PP796 was added to Gramoxone in other countries years before it was added in the U.S. In 1981, an ICI scientist discovered reports from the U.K. and Japan clearly showed the emetic was not effective. In a memo released by Syngenta, ICI scientist Peter Slade wrote:21
“No statistical evidence has emerged that the emetic has reduced the number of deaths with the product. At best, only a few people have survived paraquat poisoning because of the inclusion of the emetic.”
The company responded to questions from The Intercept, sending an email that emphatically denied that PP796 was ineffective at the concentration reported in the “Rose Report.”22 According to Syngenta, Heyling’s claims that the concentration of emetic is much too low have been investigated and dismissed by the current company scientists.23
In November 2019, EPA published new requirements,24 hoping to mitigate risks associated with the application of paraquat. To meet standards under these new rules companies only had to include label changes, target training materials for those using paraquat, restrict the use to people who are certified to apply the chemical and use a closed packaging system for applications of less than 120 gallons.
In other words, the EPA added a label to a highly toxic chemical that is lethal when just drops are consumed. Mandatory training can be taken online, and certification is given after the individual takes a quiz.
Paraquat Associated With Neurological Diseases
Evidence of an association between paraquat and Parkinson’s disease (PD) emerged in the 1980s.25 After the release of studies showing that animals and humans exposed to paraquat had an increased risk of Parkinson’s disease, Syngenta mounted a defense.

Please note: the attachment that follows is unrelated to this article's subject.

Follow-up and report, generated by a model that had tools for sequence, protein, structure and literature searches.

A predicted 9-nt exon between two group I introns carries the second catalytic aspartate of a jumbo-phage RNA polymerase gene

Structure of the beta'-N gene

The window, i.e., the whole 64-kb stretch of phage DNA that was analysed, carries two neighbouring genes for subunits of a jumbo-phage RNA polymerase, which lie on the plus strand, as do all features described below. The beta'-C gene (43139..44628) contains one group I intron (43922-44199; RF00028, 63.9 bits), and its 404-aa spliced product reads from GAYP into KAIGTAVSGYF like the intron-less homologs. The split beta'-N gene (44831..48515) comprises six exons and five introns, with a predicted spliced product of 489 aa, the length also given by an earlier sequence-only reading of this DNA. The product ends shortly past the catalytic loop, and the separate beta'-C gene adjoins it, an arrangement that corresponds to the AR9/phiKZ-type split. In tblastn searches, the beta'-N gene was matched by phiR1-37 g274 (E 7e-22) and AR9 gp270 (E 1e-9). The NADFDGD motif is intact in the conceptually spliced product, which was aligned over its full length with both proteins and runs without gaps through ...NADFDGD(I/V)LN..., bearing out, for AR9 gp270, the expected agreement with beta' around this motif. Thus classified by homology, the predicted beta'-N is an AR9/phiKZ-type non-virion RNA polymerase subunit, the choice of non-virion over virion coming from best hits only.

The Intercept reported26 that documents released in the litigation showed the company had developed a strategy to address issues of neurotoxicity, which they believed to be a threat to their “business objectives,” and documents showed the company’s global regulatory manager advised taking steps to “shift the focus of serious PD research to other environmental factors.”
Based on scientific evidence, the European Union Court of Justice banned the pesticide in 2007, all while paraquat use continued to increase in the U.S. The number of poisonings and deaths continued to rise.
Although researchers continue to work on identifying the mechanism through which pesticides impact the neurological system,27 these chemicals are known neurotoxins, including paraquat, organophosphates and organochlorine. In addition to the immediate effects, long-term, low-dose exposure may also be harmful.28
Evidence has suggested that cumulative exposure can contribute to the development of Alzheimer’s disease as well.29 In one animal study, researchers investigated the effects that paraquat had on the development of beta-amyloid plaques and changes in cognition, finding there was an increase in oxidative damage in the mitochondria of the cerebral cortex that directly correlated with impaired learning and memory.